Since the last time we met I have completed a rough draft of the policies for the Special Collections and Manuscript Archive at our library. By rough draft I mean something I have been composing for several months, reading and re-reading, editing over and again, and read over by other archivists for sensibility and tail covering to the best of my ability. Thank you again to those individuals who reviewed and commented on my work, you know who you are. Continue reading Step One Part Two: A Matter of Policy
Beginning last week the assistant librarian will be working each day. As she is in charge of ILL’s and is an extra person able to work circulation duties. Also Monday morning volunteers are greatly appreciated in shelving items and straightening the library from the weekend (We love our volunteers and thank them profusely). I am very pleased that these two instances will allow me more time to work on the special collections and archive collection policies. Continue reading This Week in the Archive . . .
When it finally sank in that I had the opportunity to start an archive at our library to handle the handful of collections we had already received I decided to purchase a book to help. Although I have had several courses in archives nothing really has prepared me how to start from the very beginning. I had heard about a new book for lone archivists by Christina Zamon on the Lone Arrangers listserv and decided to see if it would help out. Continue reading Step One: Policies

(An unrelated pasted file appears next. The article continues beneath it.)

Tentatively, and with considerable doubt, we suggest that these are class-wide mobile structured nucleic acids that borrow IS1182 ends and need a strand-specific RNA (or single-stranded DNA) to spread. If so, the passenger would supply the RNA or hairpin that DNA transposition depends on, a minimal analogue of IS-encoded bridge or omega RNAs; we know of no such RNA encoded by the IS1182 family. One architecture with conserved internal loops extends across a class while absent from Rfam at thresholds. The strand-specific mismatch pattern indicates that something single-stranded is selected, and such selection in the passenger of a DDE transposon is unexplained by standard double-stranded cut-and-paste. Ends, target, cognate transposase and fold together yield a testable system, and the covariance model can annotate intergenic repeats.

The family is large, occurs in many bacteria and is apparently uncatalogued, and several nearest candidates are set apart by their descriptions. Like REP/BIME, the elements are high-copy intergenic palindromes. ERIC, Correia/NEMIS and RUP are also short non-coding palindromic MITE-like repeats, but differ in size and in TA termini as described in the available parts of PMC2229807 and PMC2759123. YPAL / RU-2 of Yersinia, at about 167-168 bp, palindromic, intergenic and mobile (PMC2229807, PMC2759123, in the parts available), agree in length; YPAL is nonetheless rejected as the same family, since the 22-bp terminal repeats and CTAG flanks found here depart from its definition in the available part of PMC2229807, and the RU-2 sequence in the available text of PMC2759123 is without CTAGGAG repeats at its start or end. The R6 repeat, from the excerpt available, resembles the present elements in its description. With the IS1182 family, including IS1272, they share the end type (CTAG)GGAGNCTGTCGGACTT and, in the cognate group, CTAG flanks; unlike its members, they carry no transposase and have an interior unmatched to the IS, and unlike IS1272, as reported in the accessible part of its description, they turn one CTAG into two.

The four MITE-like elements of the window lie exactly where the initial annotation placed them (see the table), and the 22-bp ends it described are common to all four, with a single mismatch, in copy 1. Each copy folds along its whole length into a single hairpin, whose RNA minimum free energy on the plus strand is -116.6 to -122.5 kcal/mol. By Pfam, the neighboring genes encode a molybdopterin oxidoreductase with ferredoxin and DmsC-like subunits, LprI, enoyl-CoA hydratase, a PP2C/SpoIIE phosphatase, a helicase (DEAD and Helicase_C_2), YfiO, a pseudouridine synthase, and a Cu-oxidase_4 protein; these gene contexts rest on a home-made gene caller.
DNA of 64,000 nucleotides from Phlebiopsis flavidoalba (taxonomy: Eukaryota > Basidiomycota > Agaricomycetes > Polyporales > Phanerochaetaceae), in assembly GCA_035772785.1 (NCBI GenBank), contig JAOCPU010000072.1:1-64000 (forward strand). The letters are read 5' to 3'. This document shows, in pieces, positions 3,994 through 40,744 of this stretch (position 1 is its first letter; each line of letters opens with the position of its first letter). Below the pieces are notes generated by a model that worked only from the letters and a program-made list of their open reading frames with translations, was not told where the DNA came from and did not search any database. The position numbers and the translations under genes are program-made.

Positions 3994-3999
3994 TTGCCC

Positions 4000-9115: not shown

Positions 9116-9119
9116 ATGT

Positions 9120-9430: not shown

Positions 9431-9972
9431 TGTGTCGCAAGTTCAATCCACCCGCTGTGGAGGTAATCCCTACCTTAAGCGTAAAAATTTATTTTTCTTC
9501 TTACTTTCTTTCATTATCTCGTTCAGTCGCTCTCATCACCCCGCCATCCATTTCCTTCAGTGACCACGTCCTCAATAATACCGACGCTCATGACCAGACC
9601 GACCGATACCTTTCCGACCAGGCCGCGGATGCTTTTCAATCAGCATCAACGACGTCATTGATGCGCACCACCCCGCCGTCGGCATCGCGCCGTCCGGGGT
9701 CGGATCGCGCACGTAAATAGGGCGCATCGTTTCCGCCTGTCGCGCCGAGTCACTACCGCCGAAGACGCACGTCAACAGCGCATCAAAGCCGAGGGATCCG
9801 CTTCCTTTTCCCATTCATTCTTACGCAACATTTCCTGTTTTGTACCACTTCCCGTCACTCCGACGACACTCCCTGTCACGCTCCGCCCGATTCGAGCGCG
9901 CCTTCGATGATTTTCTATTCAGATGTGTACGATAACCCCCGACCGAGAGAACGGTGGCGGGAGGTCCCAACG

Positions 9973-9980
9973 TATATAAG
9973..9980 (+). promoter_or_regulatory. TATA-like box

My goal to get on with creating policies for our Special Collections and Manuscript Archive has met headlong with the inevitable thrill of the Summer Reading Program. Not to say that I am not happy at seeing the kids excited about reading and libraries, but little else beyond my circulation duties and keeping my pile of repairs to a minimum is getting done. That being said this week I am returning to why I am working on creating library policies in the first place.
My Director from the very beginning has stated that he wants to be able to allow access to our small collection via digitization. Now we as archivists all know that there is a huge gap between having items and throwing them out on the Internet. The first hurdle is . . . All together now . . . Continue reading Copyright and the Archival Experience
The Highland City Library opened in October 2008 without any kind of emergency plan. One year later I started my MLS journey a semester early with a Preservation Strategies course taught by preservation librarian Randy Silverman of the University of Utah J. Willard Marriott Library. This course piqued my interest, which ultimately lead to me obtaining an Archives Studies Certificate.
The one thing I took from the course in preservation was that libraries (and archives) are charged with protecting their collections from environmental or human damage. Continue reading In Case of Emergency . . .